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Rose Byrne On Life With Her Boys & Being Back Home

Growing up in the crowded suburb of Sydney’s Balmain, Rose Byrne was a quiet kid, whose parents encouraged her to pursue acting to combat her shyness. “I was never a super confident [young actor],” admits the now 41-year-old Byrne, her calm composure at odds with the younger self she is describing. “I look at social media and the savviness, sophistication and confidence of the young actors I now work with – millennials – and I think, ‘Wow, I never had that, ever.’”

Yet fast forward a few decades and the transformation from timid Aussie teen to Hollywood heavyweight is apparent – even down to the empowered female characters she chooses to immerse herself in.

In 2020, Byrne played iconic feminist Gloria Steinem in Mrs. America. The mini-series is based on the true story of the attempt in the 1970s to ratify the Equal Rights Amendment in all 50 states of the USA, and Steinem’s unsuccessful battle against the conservative activist Phyllis Schlafly (played by Cate Blanchett), who led the backlash against it.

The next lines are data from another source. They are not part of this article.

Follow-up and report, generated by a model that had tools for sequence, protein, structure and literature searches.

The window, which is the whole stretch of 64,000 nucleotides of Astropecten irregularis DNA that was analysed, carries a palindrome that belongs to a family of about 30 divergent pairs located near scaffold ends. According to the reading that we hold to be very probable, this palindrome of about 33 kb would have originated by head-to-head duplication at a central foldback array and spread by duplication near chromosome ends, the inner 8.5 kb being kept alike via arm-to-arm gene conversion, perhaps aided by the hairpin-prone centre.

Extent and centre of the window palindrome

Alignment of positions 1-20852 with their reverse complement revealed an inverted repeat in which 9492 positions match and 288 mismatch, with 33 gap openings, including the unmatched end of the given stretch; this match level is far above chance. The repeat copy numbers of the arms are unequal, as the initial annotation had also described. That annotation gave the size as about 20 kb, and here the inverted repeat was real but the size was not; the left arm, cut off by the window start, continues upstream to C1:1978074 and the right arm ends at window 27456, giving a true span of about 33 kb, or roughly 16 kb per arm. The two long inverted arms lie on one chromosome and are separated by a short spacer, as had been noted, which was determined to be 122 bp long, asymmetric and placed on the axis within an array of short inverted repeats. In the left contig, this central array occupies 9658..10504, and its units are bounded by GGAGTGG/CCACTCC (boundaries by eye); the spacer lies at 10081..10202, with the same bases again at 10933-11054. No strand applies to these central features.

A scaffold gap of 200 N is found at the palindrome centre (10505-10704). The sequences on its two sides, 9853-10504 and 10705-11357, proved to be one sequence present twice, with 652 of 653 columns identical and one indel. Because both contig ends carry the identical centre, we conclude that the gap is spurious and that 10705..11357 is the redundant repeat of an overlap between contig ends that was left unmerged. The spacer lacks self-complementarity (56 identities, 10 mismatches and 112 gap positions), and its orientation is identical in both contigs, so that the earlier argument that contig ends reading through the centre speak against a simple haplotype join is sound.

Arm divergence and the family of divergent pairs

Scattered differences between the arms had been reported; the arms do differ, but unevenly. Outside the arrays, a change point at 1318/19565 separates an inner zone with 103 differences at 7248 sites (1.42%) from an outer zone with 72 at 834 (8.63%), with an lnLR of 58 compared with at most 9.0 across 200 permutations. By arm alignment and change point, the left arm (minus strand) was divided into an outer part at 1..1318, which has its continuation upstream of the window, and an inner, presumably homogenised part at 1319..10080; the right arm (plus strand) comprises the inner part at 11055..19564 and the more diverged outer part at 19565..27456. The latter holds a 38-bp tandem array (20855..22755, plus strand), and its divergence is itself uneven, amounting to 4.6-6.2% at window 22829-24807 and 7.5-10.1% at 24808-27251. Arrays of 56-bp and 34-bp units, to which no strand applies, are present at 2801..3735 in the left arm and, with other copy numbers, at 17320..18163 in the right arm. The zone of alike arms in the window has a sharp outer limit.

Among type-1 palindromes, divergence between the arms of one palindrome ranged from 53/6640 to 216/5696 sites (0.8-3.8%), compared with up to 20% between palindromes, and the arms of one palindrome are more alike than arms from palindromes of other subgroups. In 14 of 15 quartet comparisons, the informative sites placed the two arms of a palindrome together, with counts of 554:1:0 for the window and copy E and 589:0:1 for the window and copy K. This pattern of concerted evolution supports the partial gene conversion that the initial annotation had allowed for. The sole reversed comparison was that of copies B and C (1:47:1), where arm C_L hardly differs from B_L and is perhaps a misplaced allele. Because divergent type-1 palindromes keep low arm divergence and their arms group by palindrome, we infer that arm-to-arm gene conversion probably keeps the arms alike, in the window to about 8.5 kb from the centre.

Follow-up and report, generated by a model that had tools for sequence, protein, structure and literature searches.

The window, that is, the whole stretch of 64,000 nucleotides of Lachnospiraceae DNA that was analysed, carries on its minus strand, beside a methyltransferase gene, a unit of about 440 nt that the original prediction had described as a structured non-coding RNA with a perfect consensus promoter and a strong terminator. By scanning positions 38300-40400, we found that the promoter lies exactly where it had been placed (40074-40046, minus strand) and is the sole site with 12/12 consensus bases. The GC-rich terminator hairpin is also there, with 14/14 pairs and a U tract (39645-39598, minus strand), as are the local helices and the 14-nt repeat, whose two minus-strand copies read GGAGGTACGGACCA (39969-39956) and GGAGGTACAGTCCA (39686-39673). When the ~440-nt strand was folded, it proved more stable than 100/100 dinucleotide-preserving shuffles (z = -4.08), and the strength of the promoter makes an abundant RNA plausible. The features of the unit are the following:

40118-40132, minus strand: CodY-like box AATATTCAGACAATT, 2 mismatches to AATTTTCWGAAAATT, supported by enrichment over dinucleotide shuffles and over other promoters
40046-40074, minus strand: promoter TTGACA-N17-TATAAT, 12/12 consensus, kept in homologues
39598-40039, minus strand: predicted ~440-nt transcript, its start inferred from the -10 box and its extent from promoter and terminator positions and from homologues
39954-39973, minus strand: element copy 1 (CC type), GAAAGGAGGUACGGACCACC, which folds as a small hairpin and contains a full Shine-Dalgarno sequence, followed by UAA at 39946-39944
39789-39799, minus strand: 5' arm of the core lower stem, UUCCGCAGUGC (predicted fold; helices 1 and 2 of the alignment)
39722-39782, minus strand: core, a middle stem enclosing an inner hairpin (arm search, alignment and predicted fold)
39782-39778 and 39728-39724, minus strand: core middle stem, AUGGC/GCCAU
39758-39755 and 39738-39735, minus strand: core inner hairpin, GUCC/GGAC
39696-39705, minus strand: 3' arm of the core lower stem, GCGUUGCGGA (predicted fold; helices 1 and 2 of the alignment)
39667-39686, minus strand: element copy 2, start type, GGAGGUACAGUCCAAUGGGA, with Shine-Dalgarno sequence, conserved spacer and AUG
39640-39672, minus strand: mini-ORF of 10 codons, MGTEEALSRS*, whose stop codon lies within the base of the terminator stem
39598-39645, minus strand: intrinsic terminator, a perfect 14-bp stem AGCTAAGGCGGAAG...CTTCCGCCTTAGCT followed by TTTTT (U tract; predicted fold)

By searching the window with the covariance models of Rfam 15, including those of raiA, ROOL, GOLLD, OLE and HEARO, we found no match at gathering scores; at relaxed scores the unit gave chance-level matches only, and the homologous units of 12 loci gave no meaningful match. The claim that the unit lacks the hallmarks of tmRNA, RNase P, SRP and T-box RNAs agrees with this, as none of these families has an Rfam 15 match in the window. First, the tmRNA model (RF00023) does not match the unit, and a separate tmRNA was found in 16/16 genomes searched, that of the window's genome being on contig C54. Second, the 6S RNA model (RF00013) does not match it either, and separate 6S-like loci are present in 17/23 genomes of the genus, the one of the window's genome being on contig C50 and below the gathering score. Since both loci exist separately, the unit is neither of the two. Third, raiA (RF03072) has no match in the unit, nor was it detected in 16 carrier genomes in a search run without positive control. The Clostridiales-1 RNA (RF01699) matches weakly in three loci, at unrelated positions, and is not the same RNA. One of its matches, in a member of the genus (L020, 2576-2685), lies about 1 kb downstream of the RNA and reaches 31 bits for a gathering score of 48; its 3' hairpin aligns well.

At first glance, Byrne’s new gig – Physical, a 10-part, whip-smart comedy set against the backdrop of the aerobics craze of the ’80s – seems a far cry from Mrs. America’s serious historic bones, but both tell a story of society in flux, with feminism at the fore.

In Physical, Byrne plays a tortured Californian housewife, Sheila Rubin, who finds her power through exercise and eventually becomes a lifestyle guru with her workout videos, paving the way for the dime-a-dozen fitness influencers of today. “The show’s all about that whole generation of discovery – going from the ‘We’ generation [in the ’70s] to the ‘Me’ generation of today,” Byrne explains. “Now everybody’s an entrepreneur. Everyone’s got a clothing line or a candle line or a parenting blog or whatever. The ’80s was the beginning of that and this show is examining how it started.”

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Rose Byrne And Rory Scovel On ‘Physical,’ Aerobics Fashion, And Mixing Humor And Drama